Rich Klein recalls a few of his favorite two-sport athletes from the 1960s and their cards.
Call it a Card Show Triathlon. Rich Klein says being involved in three shows over eight days gave him a greater appreciation of the value of a good promoter.
Rich Klein recalls the days when speculation around a player’s identity fueled rampant rumors and price increases.
Rich Klein digs through the inbox where readers are asking for help on 1962 Topps backs, Pro Set’s rare Prototype cards and one has some nice trivia.
Rich’s columns, past and present, spur emails from old and new friends with questions and comments.
The death of long-time Philly show promoter Bob Schmierer has Rich remembering one of the hobby’s all-time great card shows–in a not so great hotel.
Advice from fellow hobby veterans, wrangling prizes and hunting free publicity is all part of trying to ensure the success of a non-profit show.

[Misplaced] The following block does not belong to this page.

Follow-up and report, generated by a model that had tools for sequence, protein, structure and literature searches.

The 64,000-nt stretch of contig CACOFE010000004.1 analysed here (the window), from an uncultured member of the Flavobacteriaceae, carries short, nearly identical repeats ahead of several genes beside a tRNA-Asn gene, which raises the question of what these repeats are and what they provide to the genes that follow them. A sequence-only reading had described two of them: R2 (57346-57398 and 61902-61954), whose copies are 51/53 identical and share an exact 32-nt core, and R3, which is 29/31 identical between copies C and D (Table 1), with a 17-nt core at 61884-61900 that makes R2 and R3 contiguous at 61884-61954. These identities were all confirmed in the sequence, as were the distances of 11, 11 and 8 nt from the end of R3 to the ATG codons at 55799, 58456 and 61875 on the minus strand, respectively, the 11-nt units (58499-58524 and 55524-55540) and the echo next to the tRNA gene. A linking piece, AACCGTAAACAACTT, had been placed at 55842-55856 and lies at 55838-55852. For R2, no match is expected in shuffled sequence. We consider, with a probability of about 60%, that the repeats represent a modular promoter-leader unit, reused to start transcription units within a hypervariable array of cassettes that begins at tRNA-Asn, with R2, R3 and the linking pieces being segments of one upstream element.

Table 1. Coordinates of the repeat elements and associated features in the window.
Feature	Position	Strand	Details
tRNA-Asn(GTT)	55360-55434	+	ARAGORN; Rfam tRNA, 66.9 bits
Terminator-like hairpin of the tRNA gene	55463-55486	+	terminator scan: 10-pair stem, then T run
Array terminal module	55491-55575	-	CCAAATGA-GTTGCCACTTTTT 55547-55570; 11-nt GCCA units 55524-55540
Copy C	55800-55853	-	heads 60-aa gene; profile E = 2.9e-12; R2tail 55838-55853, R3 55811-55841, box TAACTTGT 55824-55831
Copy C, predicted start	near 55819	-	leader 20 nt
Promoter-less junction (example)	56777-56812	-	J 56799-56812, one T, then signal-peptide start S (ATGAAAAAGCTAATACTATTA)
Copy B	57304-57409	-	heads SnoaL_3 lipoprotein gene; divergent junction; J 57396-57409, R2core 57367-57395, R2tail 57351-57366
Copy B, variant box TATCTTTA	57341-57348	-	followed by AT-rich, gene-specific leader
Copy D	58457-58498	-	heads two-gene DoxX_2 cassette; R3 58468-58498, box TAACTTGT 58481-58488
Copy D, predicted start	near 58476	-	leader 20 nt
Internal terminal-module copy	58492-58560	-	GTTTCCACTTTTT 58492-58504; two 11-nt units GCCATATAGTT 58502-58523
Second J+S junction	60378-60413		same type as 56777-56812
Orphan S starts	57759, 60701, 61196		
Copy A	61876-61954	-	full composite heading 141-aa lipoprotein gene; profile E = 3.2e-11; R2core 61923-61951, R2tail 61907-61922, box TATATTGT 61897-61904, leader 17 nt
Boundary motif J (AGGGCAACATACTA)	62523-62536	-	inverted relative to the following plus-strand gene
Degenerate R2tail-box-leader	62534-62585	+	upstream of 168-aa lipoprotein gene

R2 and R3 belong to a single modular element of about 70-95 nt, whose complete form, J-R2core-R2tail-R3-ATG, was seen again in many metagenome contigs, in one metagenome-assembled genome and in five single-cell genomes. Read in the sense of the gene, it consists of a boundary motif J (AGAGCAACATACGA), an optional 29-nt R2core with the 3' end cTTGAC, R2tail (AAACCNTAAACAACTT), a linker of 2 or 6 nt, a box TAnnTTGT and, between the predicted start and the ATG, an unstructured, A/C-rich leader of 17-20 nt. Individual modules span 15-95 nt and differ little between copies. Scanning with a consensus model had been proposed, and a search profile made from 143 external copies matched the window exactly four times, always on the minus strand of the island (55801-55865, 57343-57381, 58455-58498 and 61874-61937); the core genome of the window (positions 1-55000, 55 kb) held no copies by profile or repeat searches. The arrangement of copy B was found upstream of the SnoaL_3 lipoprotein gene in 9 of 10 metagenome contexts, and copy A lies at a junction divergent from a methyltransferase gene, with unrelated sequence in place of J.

Twenty years after he passed Lou Gehrig, Rich Klein recalls how Cal Ripken’s generosity–and his rookie cards–helped baseball heal some deep wounds.
Rich Klein recalls the impact and the times of Bill Mastro and Alan ‘Mr. Mint’ Rosen.
Why is there no 1968 Topps Reggie Jackson? Rich Klein discusses players and big moments that would have filled a void in our card collecting past.
Rich Klein chronicles players who were acquired by a team with high hope, given a card and then quickly moved on.
Rich Klein runs down a few sports card photo blunders; some you’ve probably heard of and others you haven’t.
From 1960s All-Star mysteries to the vintage card market to Jordan Spieth, readers offer Rich their two cents on his recent columns.
Mickey Mantle left us 20 years ago this month. Rich Klein recalls getting a chance to see him play during his final season, bringing his cards to life.
Whether it’s the National, flying home from the National or doing a local show, Rich Klein always finds a chuckle or two.
Rich K says the business may have contracted but the “living hobby” aspect of 25 years ago remains the same.
Rich Klein delves into a few questions about All-Star selections in Topps cards from over 50 years ago.
Baseball cards and long-lost broadcasts help bring the past back to life.
The cartoons and the copy make for a fun ride through the backs of the 1962 Topps Baseball cards.
Frank Gifford was skilled enough to carve out two long careers, appearing in card sets as a player and a play-by-play announcer.